Some folks keep asking how I feel and, to be honest, there is not simply one feeling to describe it. The feelings vary depending on the day, hour, minute and even second. But, if I had to identify two, it would be anger and sadness. Anger and sadness that yet one more name has been added to the names of unarmed Black folks murdered at the hands of the state. Anger and sadness that it took the murders of George Floyd and Breonna Taylor for many non-Black people to wake up and be comfortable with even admitting that Black lives matter.
Anger and sadness because it's been over 50 years since my grandmother, Lizzie Kelly, was beaten on Bloody Sunday in Selma, Alabama, and we’re still fighting the same fight today. She marched alongside Dr. Martin Luther King Jr., John Lewis and countless others simply to demand the freedoms that America had promised yet failed to deliver.
Anger and sadness that — even after more than 400 years of violence, murder and discrimination — many non-Black people still don’t feel that Black lives matter. Anger and sadness that those in power refuse to even acknowledge, let alone attempt to rectify, the harm that has been inflicted on Black folks for centuries.
Now, I just want to know: How long? How long before those in power listen to those most impacted and work to rectify the harm and trauma we’ve dealt with for centuries? How long before white and non-Black people move beyond their performative activism and actually actively work to unlearn racism and dismantle white supremacy?
This fight against violence and systemic racism is nothing new, and yet for many it is. Imagine the amount of privilege one must have to categorize Colin Kaepernick’s attempt to protest police brutality and systemic racism “disrespectful to the flag and veterans,” as if non-Black people are the only ones who’ve risked and lost their lives serving their country.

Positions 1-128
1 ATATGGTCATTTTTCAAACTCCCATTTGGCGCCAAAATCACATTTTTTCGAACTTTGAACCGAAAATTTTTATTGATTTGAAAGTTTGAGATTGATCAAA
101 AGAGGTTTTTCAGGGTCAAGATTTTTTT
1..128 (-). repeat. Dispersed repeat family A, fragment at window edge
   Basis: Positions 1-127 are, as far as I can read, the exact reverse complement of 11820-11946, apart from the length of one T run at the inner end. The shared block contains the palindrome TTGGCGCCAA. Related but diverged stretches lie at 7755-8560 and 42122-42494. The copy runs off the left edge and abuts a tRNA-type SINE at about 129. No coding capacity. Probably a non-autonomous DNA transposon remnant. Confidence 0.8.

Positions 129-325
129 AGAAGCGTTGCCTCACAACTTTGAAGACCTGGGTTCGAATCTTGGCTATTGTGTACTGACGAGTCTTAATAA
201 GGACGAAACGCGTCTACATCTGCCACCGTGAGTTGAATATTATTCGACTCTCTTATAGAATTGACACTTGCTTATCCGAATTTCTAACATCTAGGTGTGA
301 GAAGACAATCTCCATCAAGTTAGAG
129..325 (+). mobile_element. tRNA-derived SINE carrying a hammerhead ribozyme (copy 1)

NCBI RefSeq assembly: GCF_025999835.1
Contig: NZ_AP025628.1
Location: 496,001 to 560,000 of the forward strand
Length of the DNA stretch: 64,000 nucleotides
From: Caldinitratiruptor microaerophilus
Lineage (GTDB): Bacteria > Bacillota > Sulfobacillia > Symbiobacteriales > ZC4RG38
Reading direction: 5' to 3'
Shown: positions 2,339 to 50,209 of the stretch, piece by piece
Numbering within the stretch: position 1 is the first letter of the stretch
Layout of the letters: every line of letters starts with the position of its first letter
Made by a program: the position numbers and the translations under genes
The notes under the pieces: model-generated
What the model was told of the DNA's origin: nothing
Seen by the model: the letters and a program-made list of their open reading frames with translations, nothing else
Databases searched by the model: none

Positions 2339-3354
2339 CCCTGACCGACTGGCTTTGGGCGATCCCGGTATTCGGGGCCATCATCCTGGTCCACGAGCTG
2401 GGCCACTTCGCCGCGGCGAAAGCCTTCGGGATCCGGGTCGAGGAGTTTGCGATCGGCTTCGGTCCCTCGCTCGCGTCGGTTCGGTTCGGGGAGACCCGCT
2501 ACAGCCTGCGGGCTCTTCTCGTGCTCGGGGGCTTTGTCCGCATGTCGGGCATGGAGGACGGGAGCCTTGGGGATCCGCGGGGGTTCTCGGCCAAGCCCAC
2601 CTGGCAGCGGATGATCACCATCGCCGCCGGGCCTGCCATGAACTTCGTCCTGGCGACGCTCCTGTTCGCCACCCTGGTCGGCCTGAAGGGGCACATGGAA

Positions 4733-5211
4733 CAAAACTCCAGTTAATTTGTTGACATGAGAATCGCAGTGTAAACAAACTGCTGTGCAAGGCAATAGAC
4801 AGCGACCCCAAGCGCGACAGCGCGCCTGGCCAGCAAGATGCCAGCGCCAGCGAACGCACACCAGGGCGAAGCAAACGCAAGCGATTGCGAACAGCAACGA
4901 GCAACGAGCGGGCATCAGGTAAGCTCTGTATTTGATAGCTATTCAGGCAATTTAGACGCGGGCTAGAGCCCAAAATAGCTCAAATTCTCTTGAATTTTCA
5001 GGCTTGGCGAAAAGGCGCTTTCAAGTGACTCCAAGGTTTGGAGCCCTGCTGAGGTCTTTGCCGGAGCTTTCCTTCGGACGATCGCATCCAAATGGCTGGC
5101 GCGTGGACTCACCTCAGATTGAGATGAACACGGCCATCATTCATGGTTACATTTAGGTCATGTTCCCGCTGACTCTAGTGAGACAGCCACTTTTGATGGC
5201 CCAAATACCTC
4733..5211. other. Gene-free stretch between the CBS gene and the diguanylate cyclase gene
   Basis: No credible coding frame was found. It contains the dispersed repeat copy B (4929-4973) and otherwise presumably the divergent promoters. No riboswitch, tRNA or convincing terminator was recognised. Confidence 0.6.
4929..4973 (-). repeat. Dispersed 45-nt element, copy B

Imagine the amount of privilege one must have to be outraged at the “riots, burning and looting” after repeated instances of violence and murder of Black lives, but to not be outraged at the riots, burning and looting that occurs after their favorite NFL team wins the Super Bowl. Imagine the privilege one must have to co-opt an entire natural hair movement and make it about their 2 and 3A hair, yet cry white tears when Black women call you out for wearing box braids (not boxer braids) and acting as if you started a new trend.
Imagine the amount of privilege one must have to refer to they styles of Black women and Latinas as “ratchet and ghetto,” yet act pressed when those same Black women and Latinas call you out for your Blaccent and acting as if wearing oversized gold hoops is a new fashion trend you discovered. Imagine fetishizing and loving Black men as long as they’re repeatedly giving your teams and franchises money and championships, yet when they speak out on issues of race you tell them to “Shut up and dribble.”
Imagine the amount of privilege one must have to believe that because they don’t live in the South and because they are “progressive” that they are automatically absolved of being racist. (Please see Amy Cooper for reference.) Imagine the amount of privilege one must have to go much of their lives not realizing white supremacy and anti-Blackness is still an issue until now.
All of this matters. From Kap to the argument of “peaceful versus non-peaceful protests, cultural appropriation to the weaponization of white womanhood, to the outright violence and murder of Black people. The microaggressions to the direct acts of violence all perpetuate a system and society that upholds white supremacy and criminalizes Blackness.
So, to borrow from Robyn Rihanna Fenty, pull up.
Pull up to change the beauty and hair industry that flat out denies the existence, let alone beauty, of Blackness.
Pull up to your brunches and family get togethers and call out your white and non-Black circle who say outright racist comments or urge you not to bring home someone darkskin.
Pull up for Nina Pop, Tony McDade and the countless other Black trans men and women who are repeatedly targeted simply for existing.
Pull up for The Movement for Black Lives and follow the lead of the Black activists who have been doing this work but who have often been overlooked in favor of white and non-Black voices.
Pull up and fight for Black people as hard as you fight to say the n-word without consequence.
The time is now.
Pull up for Black liberation.